Henri Bergson addresses in his essays that it is the nature of mankind to create tools shaped by its human form and action to evolve in adaptation to its context.

If artifacts are a reflection of a human form, whether it is made out of organic material or not, it may be considered as a living element that by nature follows the rhythm of a cycle. Designers can assist this through the integration of a design practice that considers materials, currently perceived as waste, to be an opportunity that will sustain communities and industries into the current context.

Cutting-Edge investigates the potential for developing products and building bridges between entities that will benefit from the reuse of waste selvedges produced by the UK’s weaving mills.

The textile industry inherently produces tons of blended waste material, however, only a small percentage is adapted to be mechanically down-cycled into fiber.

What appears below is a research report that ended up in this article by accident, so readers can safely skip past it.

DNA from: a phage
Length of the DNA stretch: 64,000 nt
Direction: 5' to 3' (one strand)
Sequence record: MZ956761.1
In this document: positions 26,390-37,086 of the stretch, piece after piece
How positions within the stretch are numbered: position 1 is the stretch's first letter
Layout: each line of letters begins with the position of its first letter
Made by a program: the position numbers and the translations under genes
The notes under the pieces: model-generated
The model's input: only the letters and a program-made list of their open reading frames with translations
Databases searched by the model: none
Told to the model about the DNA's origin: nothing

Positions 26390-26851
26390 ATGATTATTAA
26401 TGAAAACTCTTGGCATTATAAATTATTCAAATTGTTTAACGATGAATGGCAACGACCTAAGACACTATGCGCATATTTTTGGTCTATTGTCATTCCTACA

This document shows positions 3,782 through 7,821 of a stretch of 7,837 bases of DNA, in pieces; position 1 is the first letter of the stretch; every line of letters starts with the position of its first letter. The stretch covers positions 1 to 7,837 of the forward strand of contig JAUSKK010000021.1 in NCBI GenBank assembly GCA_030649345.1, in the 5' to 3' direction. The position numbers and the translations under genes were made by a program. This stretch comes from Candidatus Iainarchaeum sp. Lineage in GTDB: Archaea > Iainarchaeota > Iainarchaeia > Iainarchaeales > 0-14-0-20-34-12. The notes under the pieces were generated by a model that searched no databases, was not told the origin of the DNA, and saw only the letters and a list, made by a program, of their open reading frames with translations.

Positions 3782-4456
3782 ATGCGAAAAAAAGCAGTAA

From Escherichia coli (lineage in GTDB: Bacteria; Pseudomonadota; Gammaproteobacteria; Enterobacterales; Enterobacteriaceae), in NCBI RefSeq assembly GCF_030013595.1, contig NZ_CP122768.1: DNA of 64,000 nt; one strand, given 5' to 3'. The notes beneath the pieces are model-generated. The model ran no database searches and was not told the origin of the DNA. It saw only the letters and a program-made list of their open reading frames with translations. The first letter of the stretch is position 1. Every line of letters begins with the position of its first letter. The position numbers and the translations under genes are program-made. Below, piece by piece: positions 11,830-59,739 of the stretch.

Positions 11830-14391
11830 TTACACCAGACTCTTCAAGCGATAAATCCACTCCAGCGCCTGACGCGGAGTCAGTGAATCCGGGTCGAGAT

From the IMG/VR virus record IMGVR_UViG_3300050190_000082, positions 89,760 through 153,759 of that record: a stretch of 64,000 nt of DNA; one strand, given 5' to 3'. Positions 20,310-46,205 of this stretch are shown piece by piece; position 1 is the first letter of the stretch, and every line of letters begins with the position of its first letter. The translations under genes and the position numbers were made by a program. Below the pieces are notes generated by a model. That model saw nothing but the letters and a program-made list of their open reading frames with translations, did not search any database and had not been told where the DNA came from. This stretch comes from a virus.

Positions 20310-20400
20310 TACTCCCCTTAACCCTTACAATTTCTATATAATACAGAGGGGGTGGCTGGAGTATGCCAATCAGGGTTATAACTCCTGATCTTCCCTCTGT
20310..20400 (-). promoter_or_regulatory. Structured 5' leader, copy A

The objective of this project is to encourage alternative initiatives to the destruction of waste selvedges generated by shuttle-less looms and avoid direct incineration of valuable materials (merino wool, cashmere, silk).

To facilitate the re-use and re-manufacturing processes of this waste, this research operates from its sorting phase to its potential transformation into a viable product. I am exploring design protocols that allow for irregularities of this material to be processed on an industrial level and to play an essential role in the perception of standardised design outcomes.

Network around the project

Acknowledging the value of waste material may potentially push conventional entities to build connexion with a disruptive system may it be through production or consumption. This way I got involved both in a typical design practice, which means trying to adapt the manufacture equipment to an efficient and valuable collection of the waste to be later on creatively remanufactured into a new product.


using selvedges to create textile surfaces

This research was exhibited at BOZAR Museum in Brussels during the exhibition Gallery of Futures together with the work of GILBARD members. 
The 3D scan of the exhibition is now available with this link :